Spurred on by MLC research, Dr. Jacqueline Bobak has created a cross-disciplinary performance and research project about the art and lives of the Baroness Elsa von Freytag-Loringhoven, Emmy Hennings, Mina Loy, and other seminal female Dadaists, that promises to pull back the curtain on Dada’s leading women. “Dada Divas unearths and re-imagines the stories and creative works of important female artists and performers who were among the originators of the Dada movement,” explains Bobak, founder of Dada Divas.
Dada Divas took form shortly after Bobak, Mel Powell Chair in Music and professor of voice at the California Institute of the Arts, first encountered the Baroness in Irene Gammel’s book, Baroness Elsa: Gender, Dada and Everyday Modernity, A Cultural Biography. Bobak, who had been setting unusual Futurist and Dada works to music at the time, describes being “both shocked and intrigued” by the discovery that would lead her research and musical projects onto a new path.
Image right: Man Ray. 1920. The J Paul Getty Museum.
Bobak’s project uses music and performance to put Dadaist women on a global stage, and also unpacks their critical and artistic contributions through publications, lectures, and a year-long course at the California Institute of the Arts that challenges students to create their own works inspired by Dada’s divas.
The series of vignettes that make up the stage show mixes aspects of Dada, Futurism, cabaret, variety shows and opera with contemporary experiments in sound and performance art. As audience members take to their seats, backstage activities are made purposefully transparent in a nod to traditional Futurist and Dada events, disrupting what Bobak refers to as the “pomp and secrecy surrounding the ritual of theater.” In “Klink-Hratzvenga” the artist representing the Baroness mourns the Baron’s suicide following World War I with an emotional unaccompanied solo of the Baroness’ sound poetry that expresses the divas’ loathing of war. Others explore central themes of the Dada movement that remain relevant today, such as the status of women, emigrée life, and substance abuse.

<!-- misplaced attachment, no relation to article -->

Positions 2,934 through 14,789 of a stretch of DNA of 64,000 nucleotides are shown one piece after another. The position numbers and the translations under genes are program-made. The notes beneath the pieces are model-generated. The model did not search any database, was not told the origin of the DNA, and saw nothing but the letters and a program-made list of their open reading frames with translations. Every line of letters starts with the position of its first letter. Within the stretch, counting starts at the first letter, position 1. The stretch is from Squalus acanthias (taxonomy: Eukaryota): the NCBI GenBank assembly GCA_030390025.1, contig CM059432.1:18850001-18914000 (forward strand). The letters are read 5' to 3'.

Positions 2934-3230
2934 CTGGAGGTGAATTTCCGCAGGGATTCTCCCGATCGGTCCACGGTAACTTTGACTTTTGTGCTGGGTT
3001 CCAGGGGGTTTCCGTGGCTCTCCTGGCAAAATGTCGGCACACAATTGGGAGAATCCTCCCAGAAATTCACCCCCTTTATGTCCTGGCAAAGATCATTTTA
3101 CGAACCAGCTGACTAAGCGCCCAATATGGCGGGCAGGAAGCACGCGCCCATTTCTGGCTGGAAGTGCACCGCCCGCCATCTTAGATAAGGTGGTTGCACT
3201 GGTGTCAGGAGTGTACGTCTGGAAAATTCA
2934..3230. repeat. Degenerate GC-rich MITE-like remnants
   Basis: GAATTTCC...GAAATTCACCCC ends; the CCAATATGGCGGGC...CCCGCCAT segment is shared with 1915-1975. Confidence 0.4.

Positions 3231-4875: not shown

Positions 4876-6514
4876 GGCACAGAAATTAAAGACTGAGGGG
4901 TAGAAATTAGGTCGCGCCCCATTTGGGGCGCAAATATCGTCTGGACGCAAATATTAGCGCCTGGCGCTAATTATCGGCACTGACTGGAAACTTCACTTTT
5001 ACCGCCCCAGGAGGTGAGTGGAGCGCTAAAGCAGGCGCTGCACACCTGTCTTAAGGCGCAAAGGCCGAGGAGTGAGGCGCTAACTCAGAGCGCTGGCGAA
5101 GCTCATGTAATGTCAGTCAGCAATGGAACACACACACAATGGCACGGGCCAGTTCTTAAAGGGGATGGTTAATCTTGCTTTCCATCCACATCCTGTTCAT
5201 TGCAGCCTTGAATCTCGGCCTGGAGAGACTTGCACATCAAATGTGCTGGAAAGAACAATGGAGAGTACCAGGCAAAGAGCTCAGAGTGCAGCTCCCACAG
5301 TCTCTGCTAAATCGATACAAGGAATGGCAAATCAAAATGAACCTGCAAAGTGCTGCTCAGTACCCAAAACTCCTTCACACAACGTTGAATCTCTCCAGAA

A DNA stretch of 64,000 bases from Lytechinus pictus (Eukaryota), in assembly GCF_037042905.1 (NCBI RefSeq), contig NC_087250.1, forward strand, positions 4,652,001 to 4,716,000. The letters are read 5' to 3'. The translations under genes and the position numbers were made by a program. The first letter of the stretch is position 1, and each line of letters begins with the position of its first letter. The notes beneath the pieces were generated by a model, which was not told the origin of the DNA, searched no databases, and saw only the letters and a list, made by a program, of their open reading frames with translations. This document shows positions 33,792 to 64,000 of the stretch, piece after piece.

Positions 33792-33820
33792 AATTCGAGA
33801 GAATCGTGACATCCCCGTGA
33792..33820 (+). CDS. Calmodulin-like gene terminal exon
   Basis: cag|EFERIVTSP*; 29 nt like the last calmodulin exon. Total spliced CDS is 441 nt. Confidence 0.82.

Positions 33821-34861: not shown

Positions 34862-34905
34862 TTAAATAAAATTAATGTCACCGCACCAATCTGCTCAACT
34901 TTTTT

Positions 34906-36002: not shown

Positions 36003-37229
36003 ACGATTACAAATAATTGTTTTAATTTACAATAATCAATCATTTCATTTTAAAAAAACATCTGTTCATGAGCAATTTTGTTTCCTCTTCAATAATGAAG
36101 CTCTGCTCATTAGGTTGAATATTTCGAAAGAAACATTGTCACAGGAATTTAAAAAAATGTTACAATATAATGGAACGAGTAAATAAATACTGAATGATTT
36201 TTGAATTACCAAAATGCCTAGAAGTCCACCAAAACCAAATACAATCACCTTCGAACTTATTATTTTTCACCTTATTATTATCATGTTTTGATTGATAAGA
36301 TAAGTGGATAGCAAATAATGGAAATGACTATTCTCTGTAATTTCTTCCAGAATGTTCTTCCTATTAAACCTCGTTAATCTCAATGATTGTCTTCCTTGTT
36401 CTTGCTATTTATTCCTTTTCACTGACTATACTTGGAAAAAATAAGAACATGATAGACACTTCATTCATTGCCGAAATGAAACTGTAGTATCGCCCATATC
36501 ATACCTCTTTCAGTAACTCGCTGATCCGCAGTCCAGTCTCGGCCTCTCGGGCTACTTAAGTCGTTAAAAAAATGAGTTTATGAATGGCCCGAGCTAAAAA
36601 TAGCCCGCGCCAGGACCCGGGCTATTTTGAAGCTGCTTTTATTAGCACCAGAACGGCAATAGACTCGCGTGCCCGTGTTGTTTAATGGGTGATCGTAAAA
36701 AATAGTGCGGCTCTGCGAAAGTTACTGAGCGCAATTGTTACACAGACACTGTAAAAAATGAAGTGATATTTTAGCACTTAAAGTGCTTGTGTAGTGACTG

“I am so thrilled to hear about the many ways that Professor Bobak, contemporary artists, and students are engaging with the meaningful contributions that women made to the Dada movement with Dada Divas. I look forward to seeing how the project grows during the 100th year of Dada and beyond,” says Irene Gammel, the MLC Director.
Vocalists, opera singers, noise artists, and composers joined Bobak on November 26, 2015 in Brno, Czech Republic, for a preview performance of Dada Divas in advance of a premier performance that will mark the Dada centenary in 2016. To learn more about Dada Divas visit http://dadadivas.com. You can find Carmina Escobar’s performance of the Baroness’ sound poem “Klink-Hratzvenga” in the “Recordings” section of the website.
Image left: Carmina Escobar as the Baroness, dadadivas.com
Another performer who has been inspired by Freytag-Loringhoven’s sound poetry is composer and performer Anat Pick, who has performed the Baroness’s work internationally and is a sound poet in her own right.
Read about Pick’s work here: http://www.literaturwerkstatt.org/en/poesiefestival-berlin/all-artists/anat-pick-gb.
Find additional information about the MLC’s research on the Baroness Elsa von Freytag-Loringhoven at http://mlc.ryerson.ca/themes/elsa-von-freytag-loringhoven.
For theorizations of the embodied dynamics of Freytag-Loringhoven’s sound poetry, read Irene Gammel’s and Suzanne Zelazo’s study “‘Harpsichords Metallic Howl— ’: The Baroness Elsa von Freytag-Loringhoven’s Sound Poetry” https://muse.jhu.edu/journals/modernism-modernity/v018/18.2.gammel.pdf